The -Droid build system can feel restrictive to devs because we require building from source and only use binary build tools that are confirmed to be built from source. That means allowlisting trusted organizations to do the right thing, then looking for exceptions. This is looser than reputable GNU/Linux distros (Debian, Ubuntu, Fedora, Gentoo, etc), which build only with system packages. linsui wrote why Maven Central cannot be blindly trusted to provide free software


Requiring everything be free software is the standard of the best distros, and what -Droid strives for. This goes against what Google is trying to with the Android ecosystem. They are pushing hard to get everything using their proprietary bits so that they can control the ecosystem. -Droid is the biggest force pushing back.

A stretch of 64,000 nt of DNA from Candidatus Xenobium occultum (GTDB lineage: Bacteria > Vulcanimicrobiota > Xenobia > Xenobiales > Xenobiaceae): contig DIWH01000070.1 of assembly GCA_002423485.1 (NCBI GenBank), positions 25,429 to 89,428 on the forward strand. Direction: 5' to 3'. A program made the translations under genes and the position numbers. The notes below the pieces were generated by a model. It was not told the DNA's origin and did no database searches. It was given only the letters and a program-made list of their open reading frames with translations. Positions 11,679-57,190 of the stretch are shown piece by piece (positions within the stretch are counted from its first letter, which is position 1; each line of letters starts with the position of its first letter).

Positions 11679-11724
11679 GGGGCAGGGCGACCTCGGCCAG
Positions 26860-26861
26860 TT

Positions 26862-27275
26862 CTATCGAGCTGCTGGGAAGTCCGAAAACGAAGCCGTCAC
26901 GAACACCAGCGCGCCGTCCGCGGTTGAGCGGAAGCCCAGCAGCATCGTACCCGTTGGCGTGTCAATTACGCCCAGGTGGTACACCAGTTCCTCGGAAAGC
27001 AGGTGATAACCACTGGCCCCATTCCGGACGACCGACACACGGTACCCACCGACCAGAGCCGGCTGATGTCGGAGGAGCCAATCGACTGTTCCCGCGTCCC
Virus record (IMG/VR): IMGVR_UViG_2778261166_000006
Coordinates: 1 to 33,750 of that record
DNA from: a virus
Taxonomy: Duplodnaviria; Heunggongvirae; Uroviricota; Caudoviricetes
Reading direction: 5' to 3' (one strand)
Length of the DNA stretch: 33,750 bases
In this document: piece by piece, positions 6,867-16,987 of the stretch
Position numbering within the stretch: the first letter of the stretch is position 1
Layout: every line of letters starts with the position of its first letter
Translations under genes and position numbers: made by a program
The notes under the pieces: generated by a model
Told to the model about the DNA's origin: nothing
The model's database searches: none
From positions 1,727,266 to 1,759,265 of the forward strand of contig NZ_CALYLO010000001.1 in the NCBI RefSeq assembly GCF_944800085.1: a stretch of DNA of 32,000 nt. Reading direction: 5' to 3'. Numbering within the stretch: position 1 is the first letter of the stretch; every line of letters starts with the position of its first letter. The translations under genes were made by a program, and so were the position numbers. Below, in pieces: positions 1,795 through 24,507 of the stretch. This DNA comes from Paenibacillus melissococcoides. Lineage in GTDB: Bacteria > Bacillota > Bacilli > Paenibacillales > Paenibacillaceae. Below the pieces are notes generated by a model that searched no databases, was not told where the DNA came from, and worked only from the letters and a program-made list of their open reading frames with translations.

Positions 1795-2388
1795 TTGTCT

@eighthave I don't have a well-formed opinion for Android software development, which it seems restrictive to me, as it isn't easy to write programs for this platform without Android Studio, which is a program that's hard to run on lots of computers.

But I have a better picture about the system itself, as I have been tinkering with it since at least 2014. As time passes, Android seems more restrictive with each consecutive version, especially after Android 7.0, as far as I remember. The system is increasingly being more difficult to modify. From my experience, it's much harder to modify the system on Android 11 (which uses a separate partition) than versions that were released a few years ago.
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